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G.I. Joe Photo Exhibit Brings To Life Real Plight Of Struggling Veterans

By Mark Emmons, San Jose Mercury News

SAN JOSE, Calif — These are no ordinary Joes.

At first glance, the G.I. Joe action figures who are the subjects of a stark photo exhibit on display at the Dr. Martin Luther King Jr. Library look disturbingly real. And that’s precisely the point.

Mark Pinto hopes the iconic toy dolls bring to life the often unseen challenges that America’s veterans face — including those returning from the post-9/11 wars. The titles of the eight-photo “Joes Come Home” series say it all. Homeless Joe. Drunk Joe. PTSD Joe. There’s even Suicide Joe.

“We send people into war as if they are toy soldiers, then we don’t care for them when they come back,” said Pinto, 58, a Gulf War veteran who was a Marine helicopter pilot. “There’s something about the dolls that pull you in closer. It’s discomforting. People don’t want to look at the homeless. They don’t want to think about the suicides. They want to ignore all of this.”

If the G.I. Joes are too subtle, the symbolism of the second part of Pinto’s exhibit — “22 Joes Every Day — is impossible to miss. He spent a recent week hanging 22 smaller toy soldiers each day from the library’s fourth-floor ceiling. The plastic men, each dangling from a hangman’s noose, are a searing visual of how many vets take their own lives every day.

Pinto’s social art is part of a program called “War Comes Home: Our Veterans, Our Communities,” which is a partnership of the San Jose Public Library, San Jose State University, and Goodwill of Silicon Valley. The series also includes upcoming panel forums, dramatic readings as well as book club discussions of “What It Is Like To Go To War” by veteran Karl Marlantes.

The goal is to spark public conversation about how society can better support vets who are having a difficult time as they transition back into civilian life.

“What we’re finding is that the veteran community is ready and willing to talk about its concerns,” said Angie Miraflor, the library’s division manager of literacy and learning. “This is an important program because we have so many veterans here in San Jose, and we just don’t think there’s enough awareness yet of what they’re going through.”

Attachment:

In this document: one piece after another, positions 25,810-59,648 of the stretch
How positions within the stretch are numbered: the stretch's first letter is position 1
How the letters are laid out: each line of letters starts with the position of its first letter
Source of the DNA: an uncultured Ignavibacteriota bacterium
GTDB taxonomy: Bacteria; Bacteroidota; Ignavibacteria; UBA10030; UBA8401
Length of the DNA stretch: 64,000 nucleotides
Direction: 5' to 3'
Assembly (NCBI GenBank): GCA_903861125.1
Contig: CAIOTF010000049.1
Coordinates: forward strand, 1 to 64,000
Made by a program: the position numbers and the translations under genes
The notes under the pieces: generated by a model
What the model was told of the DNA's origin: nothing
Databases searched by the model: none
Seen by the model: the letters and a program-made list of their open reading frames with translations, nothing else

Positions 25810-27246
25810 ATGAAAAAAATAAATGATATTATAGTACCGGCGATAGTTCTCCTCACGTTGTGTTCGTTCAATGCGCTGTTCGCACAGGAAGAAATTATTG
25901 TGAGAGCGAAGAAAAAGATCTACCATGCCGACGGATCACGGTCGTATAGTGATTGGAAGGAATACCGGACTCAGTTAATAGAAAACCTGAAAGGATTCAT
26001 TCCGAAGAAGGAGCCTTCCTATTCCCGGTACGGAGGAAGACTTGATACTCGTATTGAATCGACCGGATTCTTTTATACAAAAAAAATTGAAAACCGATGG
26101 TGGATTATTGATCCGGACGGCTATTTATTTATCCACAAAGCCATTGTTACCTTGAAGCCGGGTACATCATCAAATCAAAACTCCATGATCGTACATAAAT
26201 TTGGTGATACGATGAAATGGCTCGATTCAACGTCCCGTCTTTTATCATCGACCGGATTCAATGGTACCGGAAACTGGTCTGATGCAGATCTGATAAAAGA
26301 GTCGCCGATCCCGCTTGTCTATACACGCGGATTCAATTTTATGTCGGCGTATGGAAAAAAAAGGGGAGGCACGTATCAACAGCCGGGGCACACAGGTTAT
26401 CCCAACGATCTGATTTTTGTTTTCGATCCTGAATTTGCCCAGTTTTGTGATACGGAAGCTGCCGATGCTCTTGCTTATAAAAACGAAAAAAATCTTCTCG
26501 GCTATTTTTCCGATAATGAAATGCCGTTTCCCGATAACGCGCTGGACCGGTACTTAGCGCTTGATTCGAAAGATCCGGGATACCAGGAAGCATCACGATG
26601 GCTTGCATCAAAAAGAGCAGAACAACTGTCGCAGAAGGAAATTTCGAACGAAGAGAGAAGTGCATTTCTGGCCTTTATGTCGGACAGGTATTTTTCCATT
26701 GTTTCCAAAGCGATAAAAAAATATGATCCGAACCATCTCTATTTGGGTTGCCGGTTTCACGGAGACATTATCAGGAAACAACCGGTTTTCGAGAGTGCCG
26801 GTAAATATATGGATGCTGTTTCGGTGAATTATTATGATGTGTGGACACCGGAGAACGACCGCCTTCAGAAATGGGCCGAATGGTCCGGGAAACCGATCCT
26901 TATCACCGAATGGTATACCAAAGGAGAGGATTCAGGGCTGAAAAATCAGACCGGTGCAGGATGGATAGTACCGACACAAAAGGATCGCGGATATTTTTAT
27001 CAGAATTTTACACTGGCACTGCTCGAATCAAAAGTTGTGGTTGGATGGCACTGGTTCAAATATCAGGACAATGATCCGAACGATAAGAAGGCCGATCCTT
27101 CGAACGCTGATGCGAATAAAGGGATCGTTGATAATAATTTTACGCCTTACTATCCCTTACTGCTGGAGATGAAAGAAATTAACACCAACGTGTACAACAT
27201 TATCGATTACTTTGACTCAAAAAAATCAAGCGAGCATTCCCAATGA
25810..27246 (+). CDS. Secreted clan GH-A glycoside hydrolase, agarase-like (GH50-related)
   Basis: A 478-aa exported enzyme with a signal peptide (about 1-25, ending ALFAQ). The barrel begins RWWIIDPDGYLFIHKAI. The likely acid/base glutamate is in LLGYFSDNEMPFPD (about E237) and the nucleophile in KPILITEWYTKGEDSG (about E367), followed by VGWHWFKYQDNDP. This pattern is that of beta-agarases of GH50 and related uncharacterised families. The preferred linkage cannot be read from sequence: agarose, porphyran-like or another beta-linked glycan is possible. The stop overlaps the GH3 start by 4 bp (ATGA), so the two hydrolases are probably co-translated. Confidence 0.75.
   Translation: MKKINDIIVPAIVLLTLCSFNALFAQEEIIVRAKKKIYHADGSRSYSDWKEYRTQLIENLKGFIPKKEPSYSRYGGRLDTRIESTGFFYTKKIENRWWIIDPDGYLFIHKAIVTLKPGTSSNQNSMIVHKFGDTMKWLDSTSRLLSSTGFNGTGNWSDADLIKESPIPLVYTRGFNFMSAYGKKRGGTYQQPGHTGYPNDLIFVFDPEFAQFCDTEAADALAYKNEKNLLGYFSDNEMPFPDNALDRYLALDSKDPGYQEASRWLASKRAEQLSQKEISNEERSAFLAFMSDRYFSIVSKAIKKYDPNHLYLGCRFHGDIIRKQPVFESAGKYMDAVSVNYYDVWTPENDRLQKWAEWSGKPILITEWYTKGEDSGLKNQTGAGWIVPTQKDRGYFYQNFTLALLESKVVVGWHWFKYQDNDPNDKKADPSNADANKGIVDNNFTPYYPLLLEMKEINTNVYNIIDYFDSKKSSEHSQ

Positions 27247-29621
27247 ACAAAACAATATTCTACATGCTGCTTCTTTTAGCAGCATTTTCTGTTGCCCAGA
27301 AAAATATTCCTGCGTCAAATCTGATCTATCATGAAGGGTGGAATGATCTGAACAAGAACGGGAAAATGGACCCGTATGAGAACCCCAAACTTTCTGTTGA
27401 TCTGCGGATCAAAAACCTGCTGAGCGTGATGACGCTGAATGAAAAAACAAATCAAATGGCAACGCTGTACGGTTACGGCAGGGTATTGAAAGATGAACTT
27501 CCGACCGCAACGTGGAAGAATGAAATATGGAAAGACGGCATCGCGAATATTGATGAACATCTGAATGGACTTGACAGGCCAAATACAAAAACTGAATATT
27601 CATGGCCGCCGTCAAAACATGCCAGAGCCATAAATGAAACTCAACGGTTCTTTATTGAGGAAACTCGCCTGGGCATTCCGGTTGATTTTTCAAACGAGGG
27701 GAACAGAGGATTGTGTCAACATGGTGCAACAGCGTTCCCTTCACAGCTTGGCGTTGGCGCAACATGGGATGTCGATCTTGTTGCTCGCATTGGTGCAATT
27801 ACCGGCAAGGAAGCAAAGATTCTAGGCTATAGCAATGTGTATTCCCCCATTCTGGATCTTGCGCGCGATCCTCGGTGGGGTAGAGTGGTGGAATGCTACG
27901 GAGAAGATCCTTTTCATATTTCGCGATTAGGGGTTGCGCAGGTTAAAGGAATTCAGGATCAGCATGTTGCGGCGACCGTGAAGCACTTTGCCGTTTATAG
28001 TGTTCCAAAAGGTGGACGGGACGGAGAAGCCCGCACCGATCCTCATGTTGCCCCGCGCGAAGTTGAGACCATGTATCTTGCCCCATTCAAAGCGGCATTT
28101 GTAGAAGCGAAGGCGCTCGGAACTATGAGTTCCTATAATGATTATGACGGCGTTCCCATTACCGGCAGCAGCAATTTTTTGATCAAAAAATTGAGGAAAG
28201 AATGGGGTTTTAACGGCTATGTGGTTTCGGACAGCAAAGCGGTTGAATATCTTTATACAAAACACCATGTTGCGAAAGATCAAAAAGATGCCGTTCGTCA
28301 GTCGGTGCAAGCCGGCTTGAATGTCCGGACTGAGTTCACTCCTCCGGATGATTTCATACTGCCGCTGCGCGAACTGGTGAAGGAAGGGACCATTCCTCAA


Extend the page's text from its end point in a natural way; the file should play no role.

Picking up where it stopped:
A growing number of authors and artists who served in the military — and often did tours in Iraq and Afghanistan War zones — are trying to make sense of their experiences.

“There are a lot of vets now coming into the arts who are expressing the reality of what war really is,” Pinto said.

He served 20 years and retired as a major in 2002. He spent eight years as a Buddhist priest before enrolling at SJSU, where he recently graduated with a master’s degree in photography.

Pinto also has worked with other veterans through the San Francisco-based nonprofit Coming Home Project. Frustrated that the emotional toll of war often is overlooked, he began for searching for ways to bring attention to the plight of struggling vets. He settled on using G.I. Joes to illustrate their troubles.

Homeless Joe features a toy covered by a plastic trash bag, resting next to a chain-link fence. Suicide Joe has three grieving G.I. Joes in a cemetery. His latest photo is Joes Wait. A group of toys are situated along a wall, symbolizing the long wait times for VA benefits. Accompanying the portraits are the grim statistics that explain the pervasiveness of each issue.

“The general public might not be ready to see photos of veterans who are experiencing homelessness or PTSD,” Miraflor said. “But Mark uses the G.I Joes as an entryway to the issue, and I think that’s a really smart way to do it.”

Pinto has about 25 action figures in his collection. Most come from friends who have kids. (He also has one Spice Girl doll that he used in his Divorce Joe photo.)

“These are the same toys that I grew up playing with, romanticizing war as something heroic,” he said. “But I want to show what it’s like when they come back. I’ve worked with vets who have real problems. So while these G.I. Joes might not be me, they very much are people I know. In my mind, there’s a name for every one of these Joes.”

The other portion of his exhibit stems from something he learned during his own treatment for depression at the VA. At that time, 18 veterans a day were taking their lives at that time — a number that since has increased.

“I started thinking, ‘How do I bring that statistic alive?'” Pinto said. “I know several veterans who have committed suicide. Every veteran knows someone. But what does 22 a day really mean? I wanted to make that number real.”

Hanging toy parachute soldiers from the ceiling is a tangible representation of lives lost. “Everybody gets what’s happening at some level, but life goes on and nothing changes,” Pinto added. “I don’t have any illusions that this will make a difference. But I still feel compelled to make people pay attention.”

Photo: Bay Area News Group/MCT/Jim Gensheimer

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Robin Williams’ Death Makes Public The Usually Private Agony Of Suicide

By Mark Emmons, San Jose Mercury News

SAN JOSE, Calif. — Anytime someone takes their own life, a circle of heartbroken family and friends are left struggling with a question of haunting simplicity: Why?